Pandemic Timeline

The Schoolyard Bully

The Schoolyard Bully

Three months ago, the nation’s economy was in freefall as COVID-19 raged out of control. Donald Trump sought to salvage his re-election prospects by successfully pressuring many governors — especially Republicans in the Sun Belt — to reopen their states without satisfying the CDC’s criteria for doing so safely. Today the country is coping with the consequences: more than 135,000 deaths and double the number of new daily COVID-19 cases compared to the worst day of the shutdown:

The pandemic still rages out of control, but for the same self-serving reasons, Trump is now bullying governors, school administrators and the CDC to reopen all schools fully in the fall.

Bullying Science

Medical experts believe that children are less likely to contract COVID-19 and more prone to get milder versions of it. But they also acknowledge that kids under 10 have been the least tested group and that the health risks go far beyond children. Before Trump silenced him, Dr. Anthony Fauci cautioned, “We don’t know everything about this virus, and we really had better be very careful, particularly when it comes to children.”

It’s not just students. Nearly one-third of the nation’s public school teachers are over 50. Others necessary to make schools function — administrators, support staff, and aftercare workers — cover a range of ages and COVID-19 vulnerabilities. When the school day ends, all return home to others, some of whom are in high risk categories, especially in multigenerational families.

A safe return to normalcy in everyday life is every American’s dream. But no edict can make teachers, staff, parents and children comfortable in a full classroom when their eyes, ears, and leading medical professionals tell them they won’t be safe unless schools follow CDC guidelines that Trump is actively undermining.

Bullying Parents, Teachers and Students 

July 6: Gov. Ron DeSantis (R-FL) orders all public schools to reopen in August and offer “the full panoply of services” to students and families. DeSantis’s premature reopening of Florida made it a COVID-19 epicenter that is crushing the medical system there: 84 percent of Florida’s ICU beds are full, 56 Florida hospitals are at ICU capacity and another 35 hospitals show ICU availability of 10 percent or less.



July 7: Surrounded by supporters and members of his administration, including Secretary of Health and Human Services Alex Azar and Secretary of Education Betsy DeVos, Trump  announces that he wants all students returning to classrooms in the fall. He praises DeSantis for “doing a terrific job. He just announced that the schools will be open in the fall, and we hope that most schools are going to be open.”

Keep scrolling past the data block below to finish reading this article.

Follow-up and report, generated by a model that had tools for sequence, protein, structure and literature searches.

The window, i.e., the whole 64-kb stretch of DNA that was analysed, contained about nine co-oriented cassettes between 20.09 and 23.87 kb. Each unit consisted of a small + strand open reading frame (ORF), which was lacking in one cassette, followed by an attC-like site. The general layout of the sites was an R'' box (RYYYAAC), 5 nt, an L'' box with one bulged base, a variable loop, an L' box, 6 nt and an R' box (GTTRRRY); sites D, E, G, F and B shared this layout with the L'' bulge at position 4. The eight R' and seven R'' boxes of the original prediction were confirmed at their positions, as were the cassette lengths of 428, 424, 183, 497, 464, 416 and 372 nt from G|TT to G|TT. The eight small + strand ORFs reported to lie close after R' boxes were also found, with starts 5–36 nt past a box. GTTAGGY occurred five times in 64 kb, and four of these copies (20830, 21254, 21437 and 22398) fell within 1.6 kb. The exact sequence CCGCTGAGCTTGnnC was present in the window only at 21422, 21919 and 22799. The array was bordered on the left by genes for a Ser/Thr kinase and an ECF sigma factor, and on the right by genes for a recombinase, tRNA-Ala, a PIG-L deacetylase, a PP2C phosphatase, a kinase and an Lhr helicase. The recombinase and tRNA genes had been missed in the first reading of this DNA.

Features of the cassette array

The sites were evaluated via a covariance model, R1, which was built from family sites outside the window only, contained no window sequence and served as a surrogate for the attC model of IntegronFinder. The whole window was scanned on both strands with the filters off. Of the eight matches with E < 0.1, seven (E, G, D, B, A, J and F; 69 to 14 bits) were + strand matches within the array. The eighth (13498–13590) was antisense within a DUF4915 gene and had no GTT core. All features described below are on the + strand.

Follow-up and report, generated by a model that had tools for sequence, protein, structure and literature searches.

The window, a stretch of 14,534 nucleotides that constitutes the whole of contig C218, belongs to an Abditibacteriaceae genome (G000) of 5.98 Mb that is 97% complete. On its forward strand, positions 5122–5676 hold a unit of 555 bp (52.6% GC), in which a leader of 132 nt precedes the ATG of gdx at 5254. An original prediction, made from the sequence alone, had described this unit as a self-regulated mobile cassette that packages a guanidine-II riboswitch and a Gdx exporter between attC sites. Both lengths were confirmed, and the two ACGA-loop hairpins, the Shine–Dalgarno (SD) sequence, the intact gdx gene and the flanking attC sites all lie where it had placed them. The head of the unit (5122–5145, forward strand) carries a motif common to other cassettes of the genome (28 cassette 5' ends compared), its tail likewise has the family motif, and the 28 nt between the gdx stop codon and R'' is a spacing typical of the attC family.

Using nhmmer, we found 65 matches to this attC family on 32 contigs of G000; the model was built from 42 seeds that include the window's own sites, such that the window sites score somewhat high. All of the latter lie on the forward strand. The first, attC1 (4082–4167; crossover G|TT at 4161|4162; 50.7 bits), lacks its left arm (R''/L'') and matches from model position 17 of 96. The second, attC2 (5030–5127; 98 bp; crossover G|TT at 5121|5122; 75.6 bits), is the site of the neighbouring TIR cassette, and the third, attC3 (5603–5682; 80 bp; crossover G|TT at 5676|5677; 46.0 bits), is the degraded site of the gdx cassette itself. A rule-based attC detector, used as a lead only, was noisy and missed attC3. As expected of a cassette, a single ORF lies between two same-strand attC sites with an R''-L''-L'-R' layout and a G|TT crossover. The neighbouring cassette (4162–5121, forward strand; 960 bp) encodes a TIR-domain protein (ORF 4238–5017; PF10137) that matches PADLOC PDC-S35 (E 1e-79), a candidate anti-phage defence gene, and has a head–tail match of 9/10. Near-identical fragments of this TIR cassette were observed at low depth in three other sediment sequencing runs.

Trump also belittles decision-makers who defer to science and epidemiologists, accusing them of playing politics: “They think it’s going to be good for them politically, so they keep the schools closed. No way. So we’re very much going to put pressure on governors and everybody else to open the schools, to get them open.…[W]e’re going to be putting a lot of pressure on: Open your schools in the fall.” 

Azar chimes in, “And we can reopen our schools safely with what we know. And it’s really simple practices of common sense. It’s social distancing. It’s wearing face coverings when you’re in a setting that you can’t social distance. And it’s practicing good, personal hygiene. The tools are there to bring our kids back safely, to protect our teachers and our staff, and it’s time to do it now.”

DeVos adds, “It’s clear our nation’s schools must fully reopen and fully operate this school year.…[I]t’s not a question of ‘if’; it’s just a question of ‘how.’” In an ironic comment given Trump’s chronic pattern of blaming others and his persistent recent fear-mongering, DeVos adds, “This moment demands actions, not excuse making or fear mongering.”

July 8: Trump tweets a threat to “cut off funding” to schools that don’t open, although he has limited authority to do so.

Bullying the CDC

Everyone agrees that children should return to school as soon as possible. The only issue is how and when to do so in a way that protects public health. For that information, the country relies on the CDC for credible nonpartisan guidance. Trump is undercutting it.

May 19: The CDC issues guidance for ways “schools can help protect students, teachers, administrators, and staff and slow the spread of COVID-19.” Steps include personal hygiene, the use of cloth face coverings, staying home when appropriate, staggered scheduling, back-up staffing plans, modified seating layouts to allow social distancing, physical barriers and closing communal spaces.

July 8: The day after Trump’s first public push to reopen all schools in the fall, he tweets disapproval of the CDC’s earlier guidance: “I disagree with @CDCgov on their very tough & expensive guidelines for opening schools. While they want them open, they are asking schools to do very impractical things. I will be meeting with them!!!”